There have been two players on the Texas Rangers in 2014 that have been unequivocally enjoyable to watch during this season that has been so painful to watch at times. The first is Adrian Beltre, who at the age of 35 is in his 17th season and is posting his fifth straight 5-WAR season thanks to consistent production at the plate and a revival in the field over his struggles in 2013. Beltre is truly a wonder, and thanks to this sustained excellence in the twilight of the prime of his career should be a Hall of Famer one day.

The second highlight of this Rangers' year is Yu Darvish. Though not quite as dominant as he was in 2013 and a couple of bumps in the road in late June/early July, Darvish has still been arguably one of the top ten pitchers in the league this year.

When it was announced on Wednesday that the Rangers were putting Darvish on the disabled list with right elbow inflammation, what motivation may have been left for paying close attention to the 2014 Rangers was significantly reduced, if not gone out the window altogether.

In this 2014 season in which a record number of pitchers have gone under the knife for Tommy John surgery, 'right elbow inflammation' are scary words. Thankfully, an MRI exam showed that it was mild inflammation and there were no indications of a long-term problem. Yu Darvish also said he could have pitched through the pain, were the Rangers not playing meaningless games. That is all mostly encouraging, as encouraging as news related to an arm injury for a pitcher can be. But even if the injury may not cause a long-term problem, that doesn't mean there are long-term implications because of this injury.

This impacts the status of Darvish's contract. As discussed before, Darvish is on a six-year deal through 2017, but the sixth year converts to a player option (meaning Darvish would opt out after 2016) if Darvish meets certain Cy Young performance thresholds. To convert 2017 to a player option, Darvish must '1) wins Cy Young in 2012-16 and finishes 2nd-4th in CY vote in another season 2012-16, or 2) finishes 2nd in CY vote once in 2012-16 and finishes 2nd-4th in two other seasons 2012-16' (from Cot's Contracts). Since Darvish finished 2nd in Cy Young voting in 2013, all that is left for him to do is win the Cy Young in 2014-16, or finish 2nd-4th in two seasons from 2014-16.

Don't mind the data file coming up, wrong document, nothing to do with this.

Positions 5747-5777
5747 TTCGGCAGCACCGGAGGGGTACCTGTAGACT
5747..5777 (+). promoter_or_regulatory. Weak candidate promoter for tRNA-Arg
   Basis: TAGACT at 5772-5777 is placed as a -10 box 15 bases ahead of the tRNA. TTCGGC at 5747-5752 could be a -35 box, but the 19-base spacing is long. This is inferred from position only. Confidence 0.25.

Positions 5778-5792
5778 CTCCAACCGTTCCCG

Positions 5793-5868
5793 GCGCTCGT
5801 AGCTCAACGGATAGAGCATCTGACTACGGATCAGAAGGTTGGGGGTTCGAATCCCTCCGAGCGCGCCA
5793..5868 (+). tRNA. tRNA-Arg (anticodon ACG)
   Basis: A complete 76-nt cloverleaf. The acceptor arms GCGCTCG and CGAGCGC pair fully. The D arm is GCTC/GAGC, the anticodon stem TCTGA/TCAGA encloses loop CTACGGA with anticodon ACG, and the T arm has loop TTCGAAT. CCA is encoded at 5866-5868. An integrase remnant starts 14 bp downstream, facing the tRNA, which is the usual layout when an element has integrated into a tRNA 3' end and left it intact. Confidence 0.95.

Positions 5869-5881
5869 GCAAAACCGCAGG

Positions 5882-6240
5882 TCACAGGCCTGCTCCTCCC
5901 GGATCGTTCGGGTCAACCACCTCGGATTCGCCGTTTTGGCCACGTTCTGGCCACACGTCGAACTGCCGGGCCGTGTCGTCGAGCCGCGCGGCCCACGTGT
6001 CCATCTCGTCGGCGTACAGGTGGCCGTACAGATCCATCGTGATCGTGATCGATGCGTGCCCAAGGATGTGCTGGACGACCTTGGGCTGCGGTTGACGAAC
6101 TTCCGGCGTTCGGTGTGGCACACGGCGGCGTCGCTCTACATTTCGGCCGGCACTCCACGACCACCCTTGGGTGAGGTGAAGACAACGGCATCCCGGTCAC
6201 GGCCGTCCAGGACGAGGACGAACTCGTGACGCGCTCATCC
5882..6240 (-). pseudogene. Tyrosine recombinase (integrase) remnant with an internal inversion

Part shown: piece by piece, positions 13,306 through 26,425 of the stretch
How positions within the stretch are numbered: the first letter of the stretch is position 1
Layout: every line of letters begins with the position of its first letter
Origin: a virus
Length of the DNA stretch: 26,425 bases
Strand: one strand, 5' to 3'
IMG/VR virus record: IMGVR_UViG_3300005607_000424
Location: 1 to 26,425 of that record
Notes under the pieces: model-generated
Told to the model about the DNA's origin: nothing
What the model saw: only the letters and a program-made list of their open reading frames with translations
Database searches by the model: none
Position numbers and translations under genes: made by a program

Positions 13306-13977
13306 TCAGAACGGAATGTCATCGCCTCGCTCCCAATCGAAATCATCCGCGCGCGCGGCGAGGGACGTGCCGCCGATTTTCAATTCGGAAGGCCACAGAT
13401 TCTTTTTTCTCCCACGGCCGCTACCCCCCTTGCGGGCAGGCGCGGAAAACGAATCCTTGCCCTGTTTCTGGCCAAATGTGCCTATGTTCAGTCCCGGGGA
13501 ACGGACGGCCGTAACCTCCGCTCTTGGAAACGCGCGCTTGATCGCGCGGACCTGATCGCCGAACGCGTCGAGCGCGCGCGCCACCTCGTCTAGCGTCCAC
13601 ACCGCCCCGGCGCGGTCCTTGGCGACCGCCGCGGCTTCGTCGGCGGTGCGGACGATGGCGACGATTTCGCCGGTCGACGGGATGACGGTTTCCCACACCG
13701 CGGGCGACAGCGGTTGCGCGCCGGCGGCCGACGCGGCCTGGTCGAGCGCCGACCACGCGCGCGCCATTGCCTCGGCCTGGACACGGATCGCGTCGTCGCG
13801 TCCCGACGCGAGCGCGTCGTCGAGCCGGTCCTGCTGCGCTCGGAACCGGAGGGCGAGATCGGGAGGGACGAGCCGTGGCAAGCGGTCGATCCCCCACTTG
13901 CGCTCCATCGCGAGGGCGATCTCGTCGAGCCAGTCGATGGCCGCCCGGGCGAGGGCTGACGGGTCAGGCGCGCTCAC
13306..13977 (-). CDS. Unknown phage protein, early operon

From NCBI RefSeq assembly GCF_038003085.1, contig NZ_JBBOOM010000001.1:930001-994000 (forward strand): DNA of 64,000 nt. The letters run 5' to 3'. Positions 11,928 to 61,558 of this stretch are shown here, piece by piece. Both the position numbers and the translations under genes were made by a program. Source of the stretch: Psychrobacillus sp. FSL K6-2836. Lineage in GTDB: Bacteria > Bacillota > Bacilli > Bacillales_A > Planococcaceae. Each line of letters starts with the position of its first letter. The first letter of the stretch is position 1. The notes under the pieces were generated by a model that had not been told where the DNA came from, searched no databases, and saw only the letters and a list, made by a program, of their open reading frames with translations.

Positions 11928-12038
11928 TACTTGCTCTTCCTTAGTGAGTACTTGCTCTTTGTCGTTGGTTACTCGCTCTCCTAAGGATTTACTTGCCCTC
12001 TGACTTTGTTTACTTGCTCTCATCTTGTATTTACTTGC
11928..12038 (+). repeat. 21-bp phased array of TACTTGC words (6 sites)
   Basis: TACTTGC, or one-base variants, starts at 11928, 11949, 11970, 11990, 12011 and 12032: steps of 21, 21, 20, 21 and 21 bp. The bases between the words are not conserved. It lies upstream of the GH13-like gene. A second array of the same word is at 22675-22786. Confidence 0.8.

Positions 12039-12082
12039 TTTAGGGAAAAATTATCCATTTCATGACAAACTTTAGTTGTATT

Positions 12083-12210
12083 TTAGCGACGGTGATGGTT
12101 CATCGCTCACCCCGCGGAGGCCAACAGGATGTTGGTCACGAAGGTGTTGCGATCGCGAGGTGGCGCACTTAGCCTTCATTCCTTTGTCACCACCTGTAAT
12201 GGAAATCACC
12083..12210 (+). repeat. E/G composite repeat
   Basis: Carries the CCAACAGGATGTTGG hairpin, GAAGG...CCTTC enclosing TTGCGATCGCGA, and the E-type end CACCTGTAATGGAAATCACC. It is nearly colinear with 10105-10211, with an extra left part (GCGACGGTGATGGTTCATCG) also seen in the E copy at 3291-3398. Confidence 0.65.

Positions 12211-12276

Darvish was already fading from a top-four Cy Young finish this season, and this injury all but guarantees he won't finish in the top four this season. That puts the pressure on Darvish to either win the Cy Young in 2015 or 2016, or have two straight top-four finishes. Earlier this season, it appeared the 2017 player option was a certainty, but now it is looking less likely.

When the Rangers placed Darvish on the disabled list yesterday, Jon Daniels was speaking to a group of Texas Rangers fans at the Newberg Report Night event at Globe Life Park in Arlington, where I happened to be in attendance. None in the audience knew that Darvish had been placed on the DL, though we can speculate that when Jon Daniels asked one fan to repeat his question because he was sending a text, it was a text giving the go-ahead to make the roster move.

One question that was asked of Daniels was concerning when the Rangers would extend Darvish. The response from Daniels (I am paraphrasing because recording is restricted during the event) was that the Rangers 'have had informal discussions on an extension with Darvish and his agent' and that 'Darvish seemed open to it and seems to like it here'. However, Daniels also said that whether an extension were to happen this offseason or the next, he doesn't believe the team could expect to see a discount on the contract, which would be the motivation for the team doing it earlier than later.